The Massachusetts Air National Guard member accused of leaking highly classified military documents has been repeatedly tipped off by his superiors for handling or viewing classified information, prosecutors say.
Justice Department lawyers made the disclosure in court documents filed Wednesday, urging a judge to keep 21-year-old Jack Teixeira behind bars pending trial in the case.
Magistrate Judge David H. Hennessy is expected to hear more arguments at prosecutors’ request and issue a decision on Teixeira’s pretrial detention status at a hearing on Friday.
Teixeira is accused of sharing highly classified documents on major national security issues in a chat room on Discord, a social media platform that started out as a hangout for gamers. He has yet to enter a plea in the case.
The documents, which have spread widely online, laid bare US concerns about Ukraine’s military capability against invading Russian forces and embarrassingly exposed Washington’s apparent spying on Ukraine’s allies. Israel and South Korea.
Jack Teixeira, 21, has been repeatedly warned by his superiors for handling or viewing classified information, prosecutors say
Several memos leaked by prosecutors noted that superiors were concerned about Teixeira’s behavior regarding classified information and repeatedly warned him about the matter.
Prosecutors told the judge in their filing that Teixeira continued to release documents even after being reprimanded by his superiors twice last year for “concerning actions” he took regarding classified information.
A September memo from the Air National Guard’s 102nd Intelligence Wing that prosecutors filed in court says Teixeira was observed taking notes on classified information and putting it in his pocket.
Teixeira was instructed at the time to no longer take notes in any form on classified intelligence information, the memo said.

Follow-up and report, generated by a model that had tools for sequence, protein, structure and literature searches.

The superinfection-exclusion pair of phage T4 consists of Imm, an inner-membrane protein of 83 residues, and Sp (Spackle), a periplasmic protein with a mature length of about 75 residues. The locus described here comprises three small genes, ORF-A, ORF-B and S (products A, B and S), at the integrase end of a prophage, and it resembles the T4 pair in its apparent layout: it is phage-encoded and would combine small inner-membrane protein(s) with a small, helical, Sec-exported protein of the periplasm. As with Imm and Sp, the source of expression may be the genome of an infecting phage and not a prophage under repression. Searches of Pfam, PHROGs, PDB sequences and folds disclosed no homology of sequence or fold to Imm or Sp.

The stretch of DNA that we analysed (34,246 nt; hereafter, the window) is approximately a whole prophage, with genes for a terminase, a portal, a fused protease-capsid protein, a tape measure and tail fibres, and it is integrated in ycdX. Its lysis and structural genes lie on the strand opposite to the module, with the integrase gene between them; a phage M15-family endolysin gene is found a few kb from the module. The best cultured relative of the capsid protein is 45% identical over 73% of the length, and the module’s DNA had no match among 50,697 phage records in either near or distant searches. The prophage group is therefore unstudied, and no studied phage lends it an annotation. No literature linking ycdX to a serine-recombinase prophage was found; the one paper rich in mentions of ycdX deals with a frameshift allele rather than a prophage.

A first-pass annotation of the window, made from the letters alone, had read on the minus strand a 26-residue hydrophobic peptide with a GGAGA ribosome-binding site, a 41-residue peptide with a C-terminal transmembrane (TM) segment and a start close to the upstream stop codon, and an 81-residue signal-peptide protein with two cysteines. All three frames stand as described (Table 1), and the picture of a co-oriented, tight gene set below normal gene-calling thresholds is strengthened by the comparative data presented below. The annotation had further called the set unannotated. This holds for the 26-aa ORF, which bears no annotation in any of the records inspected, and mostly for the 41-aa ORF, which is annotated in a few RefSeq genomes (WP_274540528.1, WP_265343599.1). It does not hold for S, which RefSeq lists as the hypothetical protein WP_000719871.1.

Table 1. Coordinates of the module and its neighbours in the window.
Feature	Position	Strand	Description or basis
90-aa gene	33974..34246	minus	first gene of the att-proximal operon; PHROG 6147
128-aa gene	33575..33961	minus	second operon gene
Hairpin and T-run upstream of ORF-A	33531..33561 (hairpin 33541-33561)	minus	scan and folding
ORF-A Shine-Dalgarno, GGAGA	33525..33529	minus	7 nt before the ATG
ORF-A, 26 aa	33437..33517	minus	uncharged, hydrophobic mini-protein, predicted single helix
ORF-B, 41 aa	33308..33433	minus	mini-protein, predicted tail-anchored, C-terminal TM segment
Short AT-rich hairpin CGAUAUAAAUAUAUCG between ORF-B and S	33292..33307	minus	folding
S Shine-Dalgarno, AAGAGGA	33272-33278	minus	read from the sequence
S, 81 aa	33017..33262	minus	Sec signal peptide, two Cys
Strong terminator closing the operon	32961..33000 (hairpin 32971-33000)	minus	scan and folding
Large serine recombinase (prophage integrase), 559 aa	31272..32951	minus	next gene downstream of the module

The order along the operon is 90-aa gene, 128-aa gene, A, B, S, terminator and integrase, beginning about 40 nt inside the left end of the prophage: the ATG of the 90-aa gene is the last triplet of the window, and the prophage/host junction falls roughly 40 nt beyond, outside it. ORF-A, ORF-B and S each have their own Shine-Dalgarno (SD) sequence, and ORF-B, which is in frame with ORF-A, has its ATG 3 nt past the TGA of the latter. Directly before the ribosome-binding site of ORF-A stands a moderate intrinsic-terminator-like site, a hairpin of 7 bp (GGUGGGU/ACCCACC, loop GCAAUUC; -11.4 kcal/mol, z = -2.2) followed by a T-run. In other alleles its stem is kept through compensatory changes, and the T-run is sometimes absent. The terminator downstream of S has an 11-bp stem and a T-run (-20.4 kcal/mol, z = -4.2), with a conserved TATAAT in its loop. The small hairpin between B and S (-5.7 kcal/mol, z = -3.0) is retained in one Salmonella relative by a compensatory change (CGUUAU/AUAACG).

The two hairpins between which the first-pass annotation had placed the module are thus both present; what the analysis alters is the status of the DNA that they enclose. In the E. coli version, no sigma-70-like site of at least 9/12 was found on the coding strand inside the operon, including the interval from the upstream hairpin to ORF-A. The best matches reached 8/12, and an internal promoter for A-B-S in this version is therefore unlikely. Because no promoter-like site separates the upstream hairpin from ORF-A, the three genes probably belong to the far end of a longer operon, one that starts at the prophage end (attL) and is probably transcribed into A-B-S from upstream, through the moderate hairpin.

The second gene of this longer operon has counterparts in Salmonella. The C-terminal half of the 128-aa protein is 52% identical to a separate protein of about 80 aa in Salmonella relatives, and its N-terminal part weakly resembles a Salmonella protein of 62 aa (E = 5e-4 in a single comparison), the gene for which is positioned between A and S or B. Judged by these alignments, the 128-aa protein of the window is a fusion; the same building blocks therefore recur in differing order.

Another memo from late October said a superior had been told that Teixeira was “potentially ignoring the order to cease and desist from delving deeply into intelligence information” given to him the previous month.
The memo says Teixeira attended a meeting and asked “very specific questions.” He was again told to focus on his job, not “deep dives” into classified information.
Yet a third note from February indicates that Teixeira was again observed consulting information “which was not related to his main function and was related to the field of intelligence”. Teixeira “had already been advised to focus on his own professional duties and not to pursue intelligence products,” the memo said.
“The defendant even continued to share information with his associates online, defying these warnings and increasing his efforts to cover up his unlawful conduct,” prosecutors wrote.
Prosecutors cited a video clip published by The Washington Post (above), in which Teixeira is seen spitting racial slurs before raising a semi-automatic rifle and firing repeatedly
Prosecutors shared this certificate showing that Teixeira had undergone training in handling classified information, arguing that he clearly knew the leaked documents were a mistake.
This image, contained in the Justice Department’s motion for Jack Teixeira’s continued detention, shows his bedroom at his father’s home in North Dighton, Massachusetts